[2016] FWC 5592


Fair Work Act 2009

s 789FC - Application for an order to stop bullying

Xiaoli Cao


Metro Assist Inc; Rita Wilkinson




Application for a Fair Work Commission order to stop bullying – welfare services – long standing complaints – two investigations – external mediation – whether manager’s actions ‘reasonable management action taken in a reasonable manner’ – complaints not bullying – respondent’s policies complied with – investigations fair, reasonable and transparent – no risk to health and safety – application dismissed.

[1] Ms Xiaoli Cao (‘Ms Cao’ or ‘the applicant’), claims she has been bullied at work by her Manager, Ms Rita Wilkinson (‘Ms Wilkinson’). Ms Cao is employed by Metro Assist Inc. (‘Metro’ or ‘the respondent’), as a Tenants Advocate. She commenced employment with Metro in 2008. Her work involves providing welfare and support services to underprivileged and at-risk members of the community in inner and southwestern Sydney, largely through case management of clients of their particular housing or welfare issues.

[2] Ms Cao claims that her Manager has engaged in unreasonable behaviour towards her since 2013, which is said to include the following:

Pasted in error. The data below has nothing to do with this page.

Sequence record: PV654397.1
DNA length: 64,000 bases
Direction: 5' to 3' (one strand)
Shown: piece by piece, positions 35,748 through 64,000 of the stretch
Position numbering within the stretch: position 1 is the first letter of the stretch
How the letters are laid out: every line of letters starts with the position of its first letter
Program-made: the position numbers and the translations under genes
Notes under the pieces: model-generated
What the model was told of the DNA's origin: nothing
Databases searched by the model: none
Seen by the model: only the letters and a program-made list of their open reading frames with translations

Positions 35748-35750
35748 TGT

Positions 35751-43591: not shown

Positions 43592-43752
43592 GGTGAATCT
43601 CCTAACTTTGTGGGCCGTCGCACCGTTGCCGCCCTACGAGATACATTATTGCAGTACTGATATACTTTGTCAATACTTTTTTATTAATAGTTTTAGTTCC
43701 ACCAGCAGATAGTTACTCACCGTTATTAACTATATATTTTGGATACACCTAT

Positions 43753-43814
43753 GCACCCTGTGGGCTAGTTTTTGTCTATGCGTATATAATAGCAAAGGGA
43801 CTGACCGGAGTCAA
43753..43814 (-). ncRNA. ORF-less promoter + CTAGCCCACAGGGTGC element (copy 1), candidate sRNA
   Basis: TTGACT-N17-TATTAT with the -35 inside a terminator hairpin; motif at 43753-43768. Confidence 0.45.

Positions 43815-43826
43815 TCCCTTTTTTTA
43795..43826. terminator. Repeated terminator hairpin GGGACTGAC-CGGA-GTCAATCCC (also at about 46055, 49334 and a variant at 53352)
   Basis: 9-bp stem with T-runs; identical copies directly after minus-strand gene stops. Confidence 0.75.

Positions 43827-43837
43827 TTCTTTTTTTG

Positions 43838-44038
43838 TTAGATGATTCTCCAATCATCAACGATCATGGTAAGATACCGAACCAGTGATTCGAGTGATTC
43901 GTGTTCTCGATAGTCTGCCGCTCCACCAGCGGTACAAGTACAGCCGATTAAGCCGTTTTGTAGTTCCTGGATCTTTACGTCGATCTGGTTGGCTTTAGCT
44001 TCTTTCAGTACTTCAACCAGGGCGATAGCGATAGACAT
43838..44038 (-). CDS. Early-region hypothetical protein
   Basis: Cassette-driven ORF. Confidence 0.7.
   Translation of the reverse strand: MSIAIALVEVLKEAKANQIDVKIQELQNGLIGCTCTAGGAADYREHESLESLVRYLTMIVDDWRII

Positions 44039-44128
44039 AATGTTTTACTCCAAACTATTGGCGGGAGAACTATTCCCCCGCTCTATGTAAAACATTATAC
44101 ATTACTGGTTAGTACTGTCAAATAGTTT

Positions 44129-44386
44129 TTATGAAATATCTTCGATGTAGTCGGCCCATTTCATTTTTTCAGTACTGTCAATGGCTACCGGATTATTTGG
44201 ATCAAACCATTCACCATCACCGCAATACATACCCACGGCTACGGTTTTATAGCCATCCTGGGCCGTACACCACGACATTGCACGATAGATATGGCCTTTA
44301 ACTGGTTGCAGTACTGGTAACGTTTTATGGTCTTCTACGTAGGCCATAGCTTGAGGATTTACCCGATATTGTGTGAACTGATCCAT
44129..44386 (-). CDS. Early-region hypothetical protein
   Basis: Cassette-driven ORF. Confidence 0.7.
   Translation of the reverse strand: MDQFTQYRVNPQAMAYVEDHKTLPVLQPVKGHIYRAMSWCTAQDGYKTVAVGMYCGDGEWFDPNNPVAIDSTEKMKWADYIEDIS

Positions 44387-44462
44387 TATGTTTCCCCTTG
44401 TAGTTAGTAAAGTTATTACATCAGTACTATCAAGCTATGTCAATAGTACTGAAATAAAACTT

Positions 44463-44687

[3] On 12 January 2016, Ms Cao filed an application with the Fair Work Commission (‘the Commission’) for orders to stop bullying under s 789FC of the Fair Work Act 2009 (the Act). Section 789FC of the Act reads as follows:

[4] Ms Cao sought that the following orders be made by the Commission:

[5] On 20 January 2016, a response to the application was filed by Mr Lou Bacchiella, the Chief Executive Officer (CEO) of Metro. For present purposes, the response identified that Metro had conducted two separate investigations into Ms Cao’s complaints against Ms Wilkinson, both of which concluded that Ms Wilkinson had not behaved in the manner described by Ms Cao and that she had not been bullied by her. Notwithstanding these conclusions, both Ms Cao and Ms Wilkinson had agreed to participate in two mediation sessions conducted by a Community Justice Centre and they reached an agreement on 17 February 2015.